Thursday, January 18, 2018


Fig 1. Beautiful One Day: Unreal the Next Oil on canvas 30 x 40 cm 2018


I was thrilled to be asked to write a visual essay for Dialogue: Taking Politics Outside the Box, an e-journal located in the School of Political Science and International Relations, University of Queensland. Excited to say that New Landscapes in the Drone Age was published this week.


The new landscapes I refer to in my visual essay [mentioned above] are not just those of the land, but also the sky and space. In the drone age, in some places around the world, the sky is colonised by loitering drones -  nodes-in-the-sky, not eyes-in-the-sky - and the invisible signals they receive and transmit, to and from land and space-based assets. That airborne drones can, in many instances, quickly turn from surveillance to attack mode, makes the sky a militarised contestable place, a potential battle-space that extends from land, into the atmosphere and beyond. 

Fig 2. New Clouds Gouache on paper 56 x 76 cm 2017

Drone Swarms 

Recent developments in drone swarming technology* multiplies the impact of the scoping nature of drones. Technologists, roboticists, AI developers, and others associated with drone and autonomous systems research, study animals, such as birds and bees, to examine swarming and group behaviour. Nature provides insights, and researchers, using algorithmic processes, attempt to create systems that mimic nature's characteristics. Machine learning means that more advanced robots/systems can also learn as they interact with each other and 'experience' the world around them. Airborne drones are essentially flying robots, with increasingly autonomous systems embedded into their various functions.

I am interested in how landscape is mediated by drones and their invisible signals. I write about this in my visual essay New Landscape in the Drone Age. In this post, however, I focus on drone swarms, and the potential mediation of the skyscape.

The recently released short 7 minute film Slaughterbots presents a future where swarms of autonomous micro drones are used to control populations. Whilst fictional, it is stressed at the end of the film, that we already have the technology to create these deadly things - it is just a matter of time. Please read my visual essay A Droned Future response to Slaughterbots.  

So - to clouds.

Beautiful One Day: Unreal the Next [Fig 1] is a painting of clouds. Or is it? Positioned with some of my other recent paintings, the clouds may not be clouds at all! In New Clouds [Fig 2] and Swarm Clouds Brewing [Fig 3] you can see why. In these two paintings drone swarms attempt to mimic clouds. They camouflage themselves by mimicking nature, not only in swarm operation, but also in the subtleties of subterfuge and survival.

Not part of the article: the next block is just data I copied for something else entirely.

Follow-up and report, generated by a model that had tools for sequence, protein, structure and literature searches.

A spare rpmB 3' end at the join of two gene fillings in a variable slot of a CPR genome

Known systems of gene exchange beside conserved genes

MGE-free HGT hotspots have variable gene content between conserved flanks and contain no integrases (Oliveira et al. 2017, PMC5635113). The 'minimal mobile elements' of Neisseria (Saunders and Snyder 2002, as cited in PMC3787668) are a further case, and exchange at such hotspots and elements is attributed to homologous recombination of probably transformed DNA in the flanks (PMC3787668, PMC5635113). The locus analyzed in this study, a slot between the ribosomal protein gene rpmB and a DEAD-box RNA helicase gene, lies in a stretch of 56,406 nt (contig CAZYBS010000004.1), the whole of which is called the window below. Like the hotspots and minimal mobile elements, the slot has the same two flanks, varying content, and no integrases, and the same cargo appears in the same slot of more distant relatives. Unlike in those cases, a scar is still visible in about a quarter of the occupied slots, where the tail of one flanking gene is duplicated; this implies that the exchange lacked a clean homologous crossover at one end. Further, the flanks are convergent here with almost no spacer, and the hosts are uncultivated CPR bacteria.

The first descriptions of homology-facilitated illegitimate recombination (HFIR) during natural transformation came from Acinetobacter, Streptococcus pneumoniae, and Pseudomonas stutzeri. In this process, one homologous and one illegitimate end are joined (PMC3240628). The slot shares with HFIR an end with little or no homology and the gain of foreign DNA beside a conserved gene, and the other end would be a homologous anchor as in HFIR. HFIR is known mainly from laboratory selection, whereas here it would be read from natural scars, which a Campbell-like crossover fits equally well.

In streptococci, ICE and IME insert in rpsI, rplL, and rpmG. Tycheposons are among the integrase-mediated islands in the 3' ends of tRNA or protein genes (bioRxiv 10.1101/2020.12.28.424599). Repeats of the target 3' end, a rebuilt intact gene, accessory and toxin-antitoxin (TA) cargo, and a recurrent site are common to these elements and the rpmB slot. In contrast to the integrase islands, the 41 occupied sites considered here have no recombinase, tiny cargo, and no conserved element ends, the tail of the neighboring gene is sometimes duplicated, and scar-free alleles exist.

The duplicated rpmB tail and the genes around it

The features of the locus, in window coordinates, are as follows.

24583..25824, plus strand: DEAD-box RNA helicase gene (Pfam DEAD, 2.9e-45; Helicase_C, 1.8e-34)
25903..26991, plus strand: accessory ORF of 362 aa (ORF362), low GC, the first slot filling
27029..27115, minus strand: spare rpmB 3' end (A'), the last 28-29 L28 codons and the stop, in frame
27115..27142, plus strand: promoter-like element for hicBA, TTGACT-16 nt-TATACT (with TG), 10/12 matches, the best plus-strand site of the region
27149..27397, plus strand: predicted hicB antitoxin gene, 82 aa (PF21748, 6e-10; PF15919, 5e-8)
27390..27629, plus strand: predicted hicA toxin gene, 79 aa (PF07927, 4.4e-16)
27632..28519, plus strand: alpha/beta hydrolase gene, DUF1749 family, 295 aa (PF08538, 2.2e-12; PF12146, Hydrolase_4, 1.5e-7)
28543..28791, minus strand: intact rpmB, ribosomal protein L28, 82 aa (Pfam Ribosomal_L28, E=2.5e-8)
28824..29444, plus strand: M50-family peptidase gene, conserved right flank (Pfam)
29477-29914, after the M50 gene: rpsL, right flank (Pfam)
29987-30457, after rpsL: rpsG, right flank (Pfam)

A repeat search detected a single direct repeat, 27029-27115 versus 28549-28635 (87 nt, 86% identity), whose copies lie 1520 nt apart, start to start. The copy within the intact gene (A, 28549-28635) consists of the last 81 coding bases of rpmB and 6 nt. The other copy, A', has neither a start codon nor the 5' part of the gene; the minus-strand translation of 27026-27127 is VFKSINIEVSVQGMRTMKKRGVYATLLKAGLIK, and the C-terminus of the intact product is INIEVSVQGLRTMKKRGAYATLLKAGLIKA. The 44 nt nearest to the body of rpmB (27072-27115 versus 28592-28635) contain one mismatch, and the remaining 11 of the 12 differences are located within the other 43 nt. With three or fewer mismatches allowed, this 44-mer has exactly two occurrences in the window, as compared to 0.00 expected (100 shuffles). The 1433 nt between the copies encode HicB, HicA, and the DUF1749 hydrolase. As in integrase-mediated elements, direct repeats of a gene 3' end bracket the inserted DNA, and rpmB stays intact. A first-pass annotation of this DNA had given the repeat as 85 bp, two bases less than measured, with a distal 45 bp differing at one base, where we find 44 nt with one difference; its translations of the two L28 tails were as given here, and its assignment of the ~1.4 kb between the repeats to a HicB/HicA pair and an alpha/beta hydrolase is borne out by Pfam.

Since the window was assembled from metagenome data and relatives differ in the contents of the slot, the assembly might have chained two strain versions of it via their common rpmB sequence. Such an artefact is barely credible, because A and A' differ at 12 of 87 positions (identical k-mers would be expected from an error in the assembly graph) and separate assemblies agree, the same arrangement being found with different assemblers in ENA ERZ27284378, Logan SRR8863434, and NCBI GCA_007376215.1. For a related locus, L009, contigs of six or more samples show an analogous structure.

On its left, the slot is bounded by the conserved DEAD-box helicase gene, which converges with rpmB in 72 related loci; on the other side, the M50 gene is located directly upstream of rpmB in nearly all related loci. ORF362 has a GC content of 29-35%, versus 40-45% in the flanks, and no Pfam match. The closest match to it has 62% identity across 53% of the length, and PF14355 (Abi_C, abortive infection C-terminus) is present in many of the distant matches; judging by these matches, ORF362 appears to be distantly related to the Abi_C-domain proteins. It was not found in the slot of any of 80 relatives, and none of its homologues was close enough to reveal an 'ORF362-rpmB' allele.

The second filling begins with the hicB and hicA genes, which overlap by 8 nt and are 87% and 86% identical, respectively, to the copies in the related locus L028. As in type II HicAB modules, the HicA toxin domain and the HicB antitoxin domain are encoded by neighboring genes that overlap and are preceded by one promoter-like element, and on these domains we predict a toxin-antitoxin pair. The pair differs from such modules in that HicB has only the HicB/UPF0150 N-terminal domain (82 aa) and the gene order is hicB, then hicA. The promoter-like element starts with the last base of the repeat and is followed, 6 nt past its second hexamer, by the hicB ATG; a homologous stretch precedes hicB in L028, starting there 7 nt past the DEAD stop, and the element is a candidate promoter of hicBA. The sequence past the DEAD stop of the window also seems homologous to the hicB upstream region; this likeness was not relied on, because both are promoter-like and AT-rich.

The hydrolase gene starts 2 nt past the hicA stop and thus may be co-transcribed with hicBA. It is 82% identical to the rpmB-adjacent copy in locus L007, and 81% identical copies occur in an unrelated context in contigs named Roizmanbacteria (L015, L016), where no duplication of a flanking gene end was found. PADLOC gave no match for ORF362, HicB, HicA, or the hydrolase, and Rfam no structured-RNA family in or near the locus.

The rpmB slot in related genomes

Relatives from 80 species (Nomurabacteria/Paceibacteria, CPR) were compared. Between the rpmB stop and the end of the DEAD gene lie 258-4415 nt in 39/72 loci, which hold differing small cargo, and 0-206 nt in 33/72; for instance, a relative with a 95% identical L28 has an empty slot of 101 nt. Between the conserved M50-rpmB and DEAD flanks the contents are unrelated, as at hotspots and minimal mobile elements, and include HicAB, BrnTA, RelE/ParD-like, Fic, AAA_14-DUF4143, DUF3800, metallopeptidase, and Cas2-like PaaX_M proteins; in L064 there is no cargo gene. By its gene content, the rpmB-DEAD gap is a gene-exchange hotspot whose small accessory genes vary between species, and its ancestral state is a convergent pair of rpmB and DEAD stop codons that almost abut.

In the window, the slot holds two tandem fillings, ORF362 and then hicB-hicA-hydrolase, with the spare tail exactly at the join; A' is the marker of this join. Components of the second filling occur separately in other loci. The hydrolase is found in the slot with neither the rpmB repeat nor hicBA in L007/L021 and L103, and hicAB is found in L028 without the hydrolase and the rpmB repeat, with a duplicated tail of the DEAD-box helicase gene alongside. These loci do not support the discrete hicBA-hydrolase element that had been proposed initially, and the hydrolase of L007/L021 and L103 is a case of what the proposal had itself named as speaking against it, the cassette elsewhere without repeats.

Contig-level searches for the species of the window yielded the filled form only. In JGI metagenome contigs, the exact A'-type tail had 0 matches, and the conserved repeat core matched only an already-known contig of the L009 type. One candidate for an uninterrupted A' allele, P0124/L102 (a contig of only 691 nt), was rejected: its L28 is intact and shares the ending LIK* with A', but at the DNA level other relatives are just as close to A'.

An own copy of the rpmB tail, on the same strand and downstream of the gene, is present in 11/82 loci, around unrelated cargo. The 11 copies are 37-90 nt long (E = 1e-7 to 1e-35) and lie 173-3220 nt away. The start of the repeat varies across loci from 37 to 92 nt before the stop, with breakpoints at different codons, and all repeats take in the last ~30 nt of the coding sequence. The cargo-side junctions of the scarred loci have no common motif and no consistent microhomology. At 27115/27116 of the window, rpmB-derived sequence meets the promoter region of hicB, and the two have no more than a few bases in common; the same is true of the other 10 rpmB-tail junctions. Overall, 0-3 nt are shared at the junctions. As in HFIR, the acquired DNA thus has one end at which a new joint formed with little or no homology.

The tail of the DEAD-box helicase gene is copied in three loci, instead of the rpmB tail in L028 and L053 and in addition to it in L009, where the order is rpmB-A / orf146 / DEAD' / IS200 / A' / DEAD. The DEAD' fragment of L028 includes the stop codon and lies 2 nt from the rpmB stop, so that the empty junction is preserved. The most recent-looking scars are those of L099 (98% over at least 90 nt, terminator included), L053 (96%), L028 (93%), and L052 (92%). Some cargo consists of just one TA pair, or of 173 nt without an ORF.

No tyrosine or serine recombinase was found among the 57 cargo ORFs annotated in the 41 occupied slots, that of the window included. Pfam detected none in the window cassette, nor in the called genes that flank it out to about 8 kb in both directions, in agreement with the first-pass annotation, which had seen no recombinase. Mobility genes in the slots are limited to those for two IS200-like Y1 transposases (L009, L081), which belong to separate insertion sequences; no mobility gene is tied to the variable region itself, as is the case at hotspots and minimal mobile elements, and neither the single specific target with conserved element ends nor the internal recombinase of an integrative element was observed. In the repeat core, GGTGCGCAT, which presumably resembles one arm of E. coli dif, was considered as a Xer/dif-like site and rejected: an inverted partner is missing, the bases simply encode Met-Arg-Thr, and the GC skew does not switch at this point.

But, you, the viewer, might be above the drone swarm-clouds, or you may be below them - maybe both places at once! Anything is possible in a quantum world. Your human vision, taking imaginational cosmic perspectives, turns the surveillance back onto the scoping camouflaged drones! Their subterfuge is revealed - exposed.

However, in New Clouds [Fig 2] one drone is targeted and attacked in a fiery blaze. This event leaves its mark on the skyscape. But, the significance of drone swarming technology is - if one drone is 'taken out', the others can re-calibrate and continue on their mission - whatever that may be. Therefore, taking one out seems futile...

False clouds?

So returning to Beautiful One Day, Unreal the Next [Fig 1]. The title of the painting plays with you...unreal could mean literally not real, or totally UNREAL-AMAZING-FANTASTIC-AWESOME! 

Maybe it means both? The game of disguise, camouflage, subterfuge working well...

[Fig 3] Swarm Clouds Brewing Oil on Canvas 36 x 45 cm 2017 

I am also interested in how clouds are used as a descriptive metaphor for THE CLOUD, which is not actually a singular entity, but rather, a series of mammoth data storage and processing systems - super computers. These systems built from physical hardware are, in fact, not housed in vapor, but in solid bricks and mortar behemoth buildings. 

But, that's another story, for another day!


* If you are keen to know more about drone swarming technology, just google it. There is a lot of information.

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